Speaking theologically, an interesting New Testament word is aphiemi. As I pointed out at our congregation's Lenten Soup and Salad gathering this past Wednesday night, it literally means I release. But it's used in the New Testament for I forgive!
I've always felt that that word perfectly conveys the two-sides of forgiveness:
- We release those who have done us wrong from the consequences of "their trespasses against us";
- We also are released from the debilitating and grace-blocking burden of holding a grudge.
And we find it hard to have loving relationships with others when we refuse to get over it, too. People who won't forgive make themselves miserable in prisons that they accuse others of making, their own custom-made hells.
In a cyber-dialog I had with the author Richard Lawrence Cohen last year, I mentioned the song by Larry Norman, Weight of the World. [This song has been covered by such diverse artists as Lost and Found and Ringo Starr.] In the bridge, these lines appear:
It all comes down to who we crucify; We either kiss the future or the past goodbye.When we refuse to forgive, we may think that we're crucifying others. At least that's the self-righteous buzz we're trying to imbibe as we hold on tightly to our grudges. In fact though, we crucify our futures and our very own souls.
Christ went to a cross so that doesn't have to happen to us!
In the New Testament, the apostle Paul says that our past sins and our sinful selves must be crucified with Christ in order for the new self to rise with Christ. In forgiveness, we put the past in the past and set out to live in reliance on God and His goodness, come what may.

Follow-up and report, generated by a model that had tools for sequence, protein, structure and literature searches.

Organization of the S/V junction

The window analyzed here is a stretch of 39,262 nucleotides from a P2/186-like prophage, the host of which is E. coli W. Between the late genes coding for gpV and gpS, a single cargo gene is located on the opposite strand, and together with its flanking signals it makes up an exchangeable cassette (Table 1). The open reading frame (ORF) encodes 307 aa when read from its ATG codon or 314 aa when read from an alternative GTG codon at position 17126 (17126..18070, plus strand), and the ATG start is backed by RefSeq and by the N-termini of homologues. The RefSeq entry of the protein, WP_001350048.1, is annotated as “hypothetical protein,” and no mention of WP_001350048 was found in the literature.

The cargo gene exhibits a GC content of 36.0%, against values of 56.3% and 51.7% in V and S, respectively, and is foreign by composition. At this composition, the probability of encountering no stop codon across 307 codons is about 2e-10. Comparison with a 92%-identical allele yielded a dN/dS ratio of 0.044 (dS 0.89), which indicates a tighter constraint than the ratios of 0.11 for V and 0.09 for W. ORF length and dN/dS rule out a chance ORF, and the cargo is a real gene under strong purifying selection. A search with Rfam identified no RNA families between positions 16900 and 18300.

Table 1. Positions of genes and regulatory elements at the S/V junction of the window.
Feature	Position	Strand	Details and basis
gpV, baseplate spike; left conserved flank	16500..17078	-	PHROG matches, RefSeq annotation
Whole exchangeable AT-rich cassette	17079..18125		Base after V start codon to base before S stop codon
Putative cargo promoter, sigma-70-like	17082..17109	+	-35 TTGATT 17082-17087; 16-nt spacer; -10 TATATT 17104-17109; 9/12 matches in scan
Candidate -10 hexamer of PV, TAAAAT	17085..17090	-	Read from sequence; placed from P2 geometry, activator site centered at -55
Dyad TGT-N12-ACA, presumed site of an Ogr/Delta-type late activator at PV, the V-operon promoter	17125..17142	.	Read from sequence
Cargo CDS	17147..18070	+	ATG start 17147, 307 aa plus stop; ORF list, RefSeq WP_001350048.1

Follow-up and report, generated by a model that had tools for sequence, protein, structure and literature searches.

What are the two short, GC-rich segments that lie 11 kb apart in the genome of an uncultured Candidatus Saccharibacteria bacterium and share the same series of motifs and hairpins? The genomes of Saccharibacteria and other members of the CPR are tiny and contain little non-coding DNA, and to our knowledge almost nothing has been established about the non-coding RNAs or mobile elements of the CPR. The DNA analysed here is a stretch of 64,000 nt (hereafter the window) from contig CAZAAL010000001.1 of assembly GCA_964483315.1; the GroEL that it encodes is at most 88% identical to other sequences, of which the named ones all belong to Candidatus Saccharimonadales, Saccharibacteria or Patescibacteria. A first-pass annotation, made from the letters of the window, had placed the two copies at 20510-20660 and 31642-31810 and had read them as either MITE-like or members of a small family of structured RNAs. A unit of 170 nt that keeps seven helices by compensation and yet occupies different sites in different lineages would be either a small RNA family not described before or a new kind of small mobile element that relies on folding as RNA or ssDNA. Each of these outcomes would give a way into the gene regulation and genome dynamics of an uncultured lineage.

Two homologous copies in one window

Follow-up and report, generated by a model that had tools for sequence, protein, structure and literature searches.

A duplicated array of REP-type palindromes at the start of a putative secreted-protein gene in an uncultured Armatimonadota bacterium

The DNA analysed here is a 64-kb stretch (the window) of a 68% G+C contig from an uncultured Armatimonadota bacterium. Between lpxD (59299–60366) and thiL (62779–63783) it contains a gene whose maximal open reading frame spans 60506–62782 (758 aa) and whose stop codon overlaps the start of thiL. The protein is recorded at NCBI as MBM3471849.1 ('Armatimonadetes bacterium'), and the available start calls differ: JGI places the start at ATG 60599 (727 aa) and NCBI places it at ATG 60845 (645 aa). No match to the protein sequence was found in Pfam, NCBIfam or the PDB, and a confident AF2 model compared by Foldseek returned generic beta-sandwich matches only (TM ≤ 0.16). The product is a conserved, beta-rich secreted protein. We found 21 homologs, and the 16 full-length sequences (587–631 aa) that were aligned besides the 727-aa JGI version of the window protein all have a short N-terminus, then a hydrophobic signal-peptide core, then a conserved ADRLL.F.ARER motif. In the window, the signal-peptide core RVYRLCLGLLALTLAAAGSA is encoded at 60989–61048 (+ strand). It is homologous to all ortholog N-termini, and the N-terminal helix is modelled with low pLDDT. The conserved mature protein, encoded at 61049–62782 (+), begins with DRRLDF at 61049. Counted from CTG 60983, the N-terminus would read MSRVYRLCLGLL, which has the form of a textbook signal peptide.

In a sense, it's safer to rely on past hurts and injuries of the past than to step into the future. We know our past hurts (and can catalog them), while the future is a blank screen. But God is always pulling those who surrender to Him to venture into the unknown future. (Christian faith is always more about the future than it is about the past.)
It turns out that the future isn't so unknown, though. I love the part in the New Testament book of Matthew's resurrection account where the risen Jesus instructs Mary to tell Peter and the others to go to Galilee. "There, they will see Me," Jesus says.
This is one of many indicators of how Jesus pulls us from the past--along with all our wallowing and grudge-holding--and into the future where we're with Him.
"I am with you always," He told the disciples just before He ascended into heaven. If he's with me as I venture into a future in which I let go of the past, I don't want, to turn back. I want to keep resolutely pointing toward Him. (At least, some of the time I want to follow Him, imperfect human sinner that I am!)
Got a hang up? Get over it. Let go and let God take care of it. Let go and let God take you into a future.